Few things can be as upsetting as discovering that the dollars and cents that fuel a community association have been mishandled or worse yet, stolen.
For residents, fraud undermines their sense of trust in the men and women who oversee and manage the place they call home. For managers and board members, it can breach the trust that exists between each other, wreaking havoc not only on the bottom line but on the very fiber of the community itself.
In these days of Bernie Madoff pyramid schemes and the tumult on Wall Street, knowing how to detect andprevent fraud has become even more important to unit owners, managers and boards.
Looking over the variations on fraud and malfeasance, accountants practicing in the community association field seetwo types of shenanigans, one mostly confined to newer condos and the second with older, more established condos.
New Condos at Risk
New condos that are still under a developer’s control are vulnerable to a variety of schemes, most of them orchestrated by the developer himself, says Anthony “Tony” Carideo Jr., CPA, with Wolf & Company, PC, in Boston. “I think more of the frauds happen in the early years, when the condo isn’t established,” he says.
When many condominiums are just getting started, says Carideo, in many cases “the developer is the sole trustee, for about five years.”
During that time period, the developer is mandated to contribute monthly fees to the condo association, but he may be dodging that duty withfinancial shell games, says Carideo.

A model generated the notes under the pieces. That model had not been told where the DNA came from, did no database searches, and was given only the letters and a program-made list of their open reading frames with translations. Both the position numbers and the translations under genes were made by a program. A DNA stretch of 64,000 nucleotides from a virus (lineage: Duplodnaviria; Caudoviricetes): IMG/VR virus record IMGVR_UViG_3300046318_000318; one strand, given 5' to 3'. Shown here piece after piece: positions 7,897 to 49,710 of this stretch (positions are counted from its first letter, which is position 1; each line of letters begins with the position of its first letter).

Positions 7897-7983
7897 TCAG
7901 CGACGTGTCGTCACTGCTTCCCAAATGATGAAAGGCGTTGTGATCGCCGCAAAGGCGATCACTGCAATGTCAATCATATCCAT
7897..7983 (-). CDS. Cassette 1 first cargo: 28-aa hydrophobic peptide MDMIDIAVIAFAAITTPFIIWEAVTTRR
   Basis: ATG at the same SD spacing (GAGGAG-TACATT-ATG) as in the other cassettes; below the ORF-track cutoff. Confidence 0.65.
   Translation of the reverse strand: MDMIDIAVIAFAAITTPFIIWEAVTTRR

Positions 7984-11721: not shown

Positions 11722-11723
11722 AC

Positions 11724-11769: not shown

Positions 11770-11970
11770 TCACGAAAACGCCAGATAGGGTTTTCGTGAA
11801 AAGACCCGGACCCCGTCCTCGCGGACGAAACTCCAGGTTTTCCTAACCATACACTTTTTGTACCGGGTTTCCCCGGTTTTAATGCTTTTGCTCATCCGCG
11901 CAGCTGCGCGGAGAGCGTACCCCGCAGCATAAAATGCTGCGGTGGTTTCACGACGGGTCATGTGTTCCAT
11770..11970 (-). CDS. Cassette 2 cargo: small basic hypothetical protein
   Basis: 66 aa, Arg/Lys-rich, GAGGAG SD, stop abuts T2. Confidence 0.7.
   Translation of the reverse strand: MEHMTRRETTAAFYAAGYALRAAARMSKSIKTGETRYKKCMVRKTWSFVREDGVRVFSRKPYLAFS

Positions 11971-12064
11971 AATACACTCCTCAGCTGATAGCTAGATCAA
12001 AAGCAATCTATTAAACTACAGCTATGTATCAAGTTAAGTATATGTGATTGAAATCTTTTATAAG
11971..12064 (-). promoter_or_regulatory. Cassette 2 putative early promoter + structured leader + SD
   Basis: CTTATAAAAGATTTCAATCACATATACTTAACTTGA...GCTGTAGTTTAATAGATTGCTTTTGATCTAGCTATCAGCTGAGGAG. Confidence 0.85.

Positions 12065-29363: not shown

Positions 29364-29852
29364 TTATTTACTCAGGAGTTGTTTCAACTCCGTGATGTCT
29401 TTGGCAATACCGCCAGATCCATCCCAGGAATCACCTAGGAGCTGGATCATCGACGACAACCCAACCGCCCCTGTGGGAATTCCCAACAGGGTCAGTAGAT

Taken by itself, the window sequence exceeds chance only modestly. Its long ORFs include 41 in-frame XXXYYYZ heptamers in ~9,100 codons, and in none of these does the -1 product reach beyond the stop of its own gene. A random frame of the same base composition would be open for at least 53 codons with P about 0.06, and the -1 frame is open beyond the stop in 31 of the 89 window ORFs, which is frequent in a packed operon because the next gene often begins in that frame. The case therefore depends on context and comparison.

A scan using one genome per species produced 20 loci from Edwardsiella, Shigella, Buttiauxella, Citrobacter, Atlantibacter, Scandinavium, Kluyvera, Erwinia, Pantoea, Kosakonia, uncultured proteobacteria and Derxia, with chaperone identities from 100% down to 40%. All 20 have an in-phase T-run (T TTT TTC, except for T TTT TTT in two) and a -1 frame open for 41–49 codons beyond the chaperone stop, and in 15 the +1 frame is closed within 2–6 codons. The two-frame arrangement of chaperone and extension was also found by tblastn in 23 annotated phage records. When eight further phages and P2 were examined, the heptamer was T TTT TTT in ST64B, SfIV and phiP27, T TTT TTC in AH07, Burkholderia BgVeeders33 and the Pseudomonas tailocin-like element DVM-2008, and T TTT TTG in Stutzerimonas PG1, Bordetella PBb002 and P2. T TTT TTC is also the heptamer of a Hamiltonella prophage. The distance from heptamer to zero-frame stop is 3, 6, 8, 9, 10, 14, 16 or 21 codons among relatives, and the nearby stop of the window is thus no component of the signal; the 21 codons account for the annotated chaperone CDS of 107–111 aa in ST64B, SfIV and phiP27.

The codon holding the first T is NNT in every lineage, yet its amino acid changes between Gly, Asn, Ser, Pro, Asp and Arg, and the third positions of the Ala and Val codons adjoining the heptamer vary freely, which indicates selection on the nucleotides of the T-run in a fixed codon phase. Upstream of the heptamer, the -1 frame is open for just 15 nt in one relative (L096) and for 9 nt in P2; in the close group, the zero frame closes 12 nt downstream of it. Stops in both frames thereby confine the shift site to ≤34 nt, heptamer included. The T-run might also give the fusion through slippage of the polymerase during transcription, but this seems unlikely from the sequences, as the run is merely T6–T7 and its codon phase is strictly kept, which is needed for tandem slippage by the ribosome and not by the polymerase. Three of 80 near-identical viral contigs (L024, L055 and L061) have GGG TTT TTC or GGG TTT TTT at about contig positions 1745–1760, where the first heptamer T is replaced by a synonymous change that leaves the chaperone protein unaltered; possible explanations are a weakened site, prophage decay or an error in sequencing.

“Developers usually have a couple of projects” at once, along with a variety of side businesses like landscaping and plowing firms, he says. The developer may say “I owe condo fees on all these units that aren’t sold yet, but I pay all these condo bills with this other company other there,” he says. “What they [developers] do is they have their guys come and do plowing and landscaping and nobody writes any checks.”
To prevent suspect dealings on condo services, owners should insist that “everything should be done by check. There shouldn’t be any offsetting between companies,” he says. “Make sure the developer is not doing business with related companies that he might own, and also make sure they’renot swapping out services,” he says.
Another scheme a developer may engage in is to overpay his “buddies” for community association services and then get a kickback or concession from the buddy in return, says Carideo.
For example, “He [the developer] gives out a landscaping contract for $20,000 and all the competing bids were $10,000,” says Carideo.
“You’ve really got to make sure the condo association is getting competitive bids for its services and the bids are being reviewed to make sure the prices are representative,” he says.